Even medics agree having a pet is good for you

An article looking at how keeping a pet has positive physical benefits for your health. More and more research is showing that owing a pet can reduce all sorts of ailments you may be experiencing.

After a long and stressful day at work it can often bring a smile to your face to be greeted as you open the front door by your cat or dog. Your cat may start purring and rubbing his fur against your legs and your dog may just wag his tail hard enough for his whole body to wiggle too. Whether you are a Swedish pet owner who loves their hund, an English pet owner who adores their cat or a Dutch owner who loves their rabbit, the love an owner can feel for their pets is almost as palpable as their love for their children. In many cases of older adults, keeping pets maintains a family feel at home long after their children have left home. Here we look at some of the medical benefits of keeping a pet:

1. Lower blood pressureSimply stroking and petting an animal, even looking at an aquarium, has been shown to lower blood pressure. Lower blood pressure leads to a much lower likelihood of cardio vascular diseases too. A recent US study of stockbrokers suffering from hypertension showed those who adopted a cat or dog ended up with lower blood pressure than those who simply took hypertension medication.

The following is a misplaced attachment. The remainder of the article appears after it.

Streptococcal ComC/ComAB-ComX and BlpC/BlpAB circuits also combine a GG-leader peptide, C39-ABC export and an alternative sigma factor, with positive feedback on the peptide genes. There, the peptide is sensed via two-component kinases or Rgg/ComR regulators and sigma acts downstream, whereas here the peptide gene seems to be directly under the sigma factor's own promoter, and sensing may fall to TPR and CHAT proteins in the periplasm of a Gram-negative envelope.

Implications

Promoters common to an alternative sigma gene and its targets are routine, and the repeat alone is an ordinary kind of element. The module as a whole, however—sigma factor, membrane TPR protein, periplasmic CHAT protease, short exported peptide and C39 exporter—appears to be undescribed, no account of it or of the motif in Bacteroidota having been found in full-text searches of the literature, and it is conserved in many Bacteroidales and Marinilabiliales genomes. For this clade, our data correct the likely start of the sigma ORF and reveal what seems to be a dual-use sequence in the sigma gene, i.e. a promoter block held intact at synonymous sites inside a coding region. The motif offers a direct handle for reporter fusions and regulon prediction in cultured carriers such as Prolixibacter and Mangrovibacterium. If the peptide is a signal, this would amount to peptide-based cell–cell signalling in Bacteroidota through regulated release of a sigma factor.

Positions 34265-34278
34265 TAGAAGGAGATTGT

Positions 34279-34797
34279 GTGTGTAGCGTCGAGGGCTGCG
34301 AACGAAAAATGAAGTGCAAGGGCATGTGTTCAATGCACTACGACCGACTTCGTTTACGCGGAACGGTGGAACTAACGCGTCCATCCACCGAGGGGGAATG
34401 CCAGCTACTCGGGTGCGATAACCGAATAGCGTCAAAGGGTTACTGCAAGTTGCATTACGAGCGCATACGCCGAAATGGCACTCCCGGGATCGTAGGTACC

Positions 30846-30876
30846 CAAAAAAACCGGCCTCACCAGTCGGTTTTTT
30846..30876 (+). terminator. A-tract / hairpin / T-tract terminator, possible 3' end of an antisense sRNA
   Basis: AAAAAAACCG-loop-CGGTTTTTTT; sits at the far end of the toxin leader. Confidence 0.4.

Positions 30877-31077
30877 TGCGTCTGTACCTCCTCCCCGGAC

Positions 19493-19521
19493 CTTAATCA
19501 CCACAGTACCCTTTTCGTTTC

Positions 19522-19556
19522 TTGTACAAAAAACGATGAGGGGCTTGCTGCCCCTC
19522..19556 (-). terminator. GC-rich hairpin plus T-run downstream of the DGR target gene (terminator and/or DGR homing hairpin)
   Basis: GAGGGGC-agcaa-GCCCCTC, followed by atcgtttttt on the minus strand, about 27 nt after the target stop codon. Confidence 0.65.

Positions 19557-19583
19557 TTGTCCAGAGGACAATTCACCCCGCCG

2. Lower risk of allergies and eczemaHaving exposure to pets during infancy has been proven to reduce the likelihood of eczema, allergies and asthma in later childhood and adulthood. Even before birth, the mother's exposure to pets cause her to have lower allergic antibody production and this has been shown to pass through to the umbilical cord in the womb.

3. Stronger heartRecent studies in this area show that if you have owned a cat over the course of your lifetime you are a third less likely to die of a heart attack than someone who has never owned a cat. Heart attack survivors have also been shown to have a much reduced risk of suffering another heart attack if they own a dog or cat after the first heart attack.

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